Then it sends out a series of e-mails to get them thinking about the webinar, and to motivate them to sign up. If they register, they immediately hit the “Objective” toward completion of the webinar, and the automation ends. If they don’t register, they get added to an automation promoting a rebroadcast of the webinar.
This allows me to tailor my messaging, in other automations, based upon the contact’s engagement with the webinar – Sale Amazon. Here’s the WebinarJam combination panel: I can include tags based upon whether the contact registered, participated in, missed out on, or based upon for how long they remained in the webinar. These tags can then trigger automations within ActiveCampaign.
It costs me cash, and it makes it more most likely that my emails go to spam or Gmail’s promotions tab. People who do not open my emails make it harder for other emails to get to the individuals who really desire them! The “Pro” plan of ActiveCampaign has lead scoring integrated in.
Here’s an automation I received from ActiveCampaign’s library of automations, which I utilize to inform which contacts aren’t engaging with my e-mails. When a contact subscribes, this automation adds a “0 days” tag. As time passes, it includes brand-new tags for 7 days, thirty days, 60 days, etc Each time they open an email, a different automation removes them from this automation, removes all of those tags, and starts this automation over once again.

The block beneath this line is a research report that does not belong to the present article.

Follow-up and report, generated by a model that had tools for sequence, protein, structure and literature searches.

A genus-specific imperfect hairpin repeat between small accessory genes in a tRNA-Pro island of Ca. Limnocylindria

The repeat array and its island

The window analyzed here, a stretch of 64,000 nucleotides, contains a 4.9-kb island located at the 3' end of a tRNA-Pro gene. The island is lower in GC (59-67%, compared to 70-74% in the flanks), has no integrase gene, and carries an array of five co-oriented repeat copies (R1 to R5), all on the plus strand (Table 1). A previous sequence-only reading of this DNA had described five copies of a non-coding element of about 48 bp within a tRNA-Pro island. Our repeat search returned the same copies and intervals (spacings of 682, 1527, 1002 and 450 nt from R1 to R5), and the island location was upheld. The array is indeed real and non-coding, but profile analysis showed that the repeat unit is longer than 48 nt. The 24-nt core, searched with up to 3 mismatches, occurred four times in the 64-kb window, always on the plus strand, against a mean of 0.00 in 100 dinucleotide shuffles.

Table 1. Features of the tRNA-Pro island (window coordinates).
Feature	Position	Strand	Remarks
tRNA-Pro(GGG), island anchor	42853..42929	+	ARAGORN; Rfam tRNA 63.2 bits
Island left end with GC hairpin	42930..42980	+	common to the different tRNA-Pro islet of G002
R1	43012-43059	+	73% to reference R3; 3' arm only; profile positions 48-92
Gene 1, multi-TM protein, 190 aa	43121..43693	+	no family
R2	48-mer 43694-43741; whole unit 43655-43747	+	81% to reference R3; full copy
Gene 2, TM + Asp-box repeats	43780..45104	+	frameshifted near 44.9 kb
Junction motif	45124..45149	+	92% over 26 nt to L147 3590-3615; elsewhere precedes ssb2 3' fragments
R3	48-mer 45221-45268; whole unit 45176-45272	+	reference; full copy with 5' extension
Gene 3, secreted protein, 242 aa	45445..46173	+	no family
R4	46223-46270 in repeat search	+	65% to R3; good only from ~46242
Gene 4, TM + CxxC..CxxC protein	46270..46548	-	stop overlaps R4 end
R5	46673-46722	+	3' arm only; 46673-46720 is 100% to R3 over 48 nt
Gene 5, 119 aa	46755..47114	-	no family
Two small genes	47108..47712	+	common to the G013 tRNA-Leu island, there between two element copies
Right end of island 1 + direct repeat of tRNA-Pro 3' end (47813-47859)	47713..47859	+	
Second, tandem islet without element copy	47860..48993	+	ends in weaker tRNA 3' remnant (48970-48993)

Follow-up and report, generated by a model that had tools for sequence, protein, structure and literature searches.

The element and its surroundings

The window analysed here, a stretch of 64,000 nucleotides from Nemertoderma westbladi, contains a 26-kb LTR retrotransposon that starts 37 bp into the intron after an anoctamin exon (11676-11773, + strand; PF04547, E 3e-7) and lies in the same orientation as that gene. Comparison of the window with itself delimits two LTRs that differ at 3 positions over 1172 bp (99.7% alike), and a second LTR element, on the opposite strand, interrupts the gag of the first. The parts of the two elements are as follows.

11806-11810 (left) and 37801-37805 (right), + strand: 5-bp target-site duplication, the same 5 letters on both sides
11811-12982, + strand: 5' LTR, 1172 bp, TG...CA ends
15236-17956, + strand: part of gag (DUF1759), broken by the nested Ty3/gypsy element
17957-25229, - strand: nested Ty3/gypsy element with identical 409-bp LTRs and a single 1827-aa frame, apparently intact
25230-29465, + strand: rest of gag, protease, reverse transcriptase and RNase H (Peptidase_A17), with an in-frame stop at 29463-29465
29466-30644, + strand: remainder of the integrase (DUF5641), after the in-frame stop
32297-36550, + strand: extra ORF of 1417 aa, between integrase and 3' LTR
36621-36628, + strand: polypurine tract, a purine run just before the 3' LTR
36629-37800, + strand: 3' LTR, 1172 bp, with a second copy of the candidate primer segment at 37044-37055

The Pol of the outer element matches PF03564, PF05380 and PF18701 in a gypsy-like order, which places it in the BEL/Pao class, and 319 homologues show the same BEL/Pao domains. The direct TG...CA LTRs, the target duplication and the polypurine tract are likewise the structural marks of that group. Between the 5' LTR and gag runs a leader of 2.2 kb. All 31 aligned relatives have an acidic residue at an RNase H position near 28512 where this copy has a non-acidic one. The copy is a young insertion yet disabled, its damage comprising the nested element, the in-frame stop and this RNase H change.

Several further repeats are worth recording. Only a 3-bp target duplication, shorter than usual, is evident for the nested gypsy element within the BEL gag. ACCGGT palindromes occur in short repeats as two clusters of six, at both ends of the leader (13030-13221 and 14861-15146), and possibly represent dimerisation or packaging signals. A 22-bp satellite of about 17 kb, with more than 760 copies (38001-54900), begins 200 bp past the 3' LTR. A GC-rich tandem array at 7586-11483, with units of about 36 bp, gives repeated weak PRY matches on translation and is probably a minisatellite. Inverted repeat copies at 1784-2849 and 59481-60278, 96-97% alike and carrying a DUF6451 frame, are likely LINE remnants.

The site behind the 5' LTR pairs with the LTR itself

This automation can be overwhelming initially, and this is one of those cases where I wish ActiveCampaign had a more out-of-the-box service. But, due to the fact that you can do anything with ActiveCampaign, often you need to build things from scratch. ActiveCampaign has an option to erase non-active customers, which I don’t recommend.
Some customers don’t have tracking switched on, so their opens aren’t tape-recorded. Others still desire to be subscribed but have actually been hectic. Here’s my reactivation series: I send one email asking if they still wish to be subscribed, and briefly discussing why I keep my e-mail list clean. In one week, I send them another email (if they already clicked on the verification link in the previous email, they’ve already been eliminated from the automation– utilizing a different automation).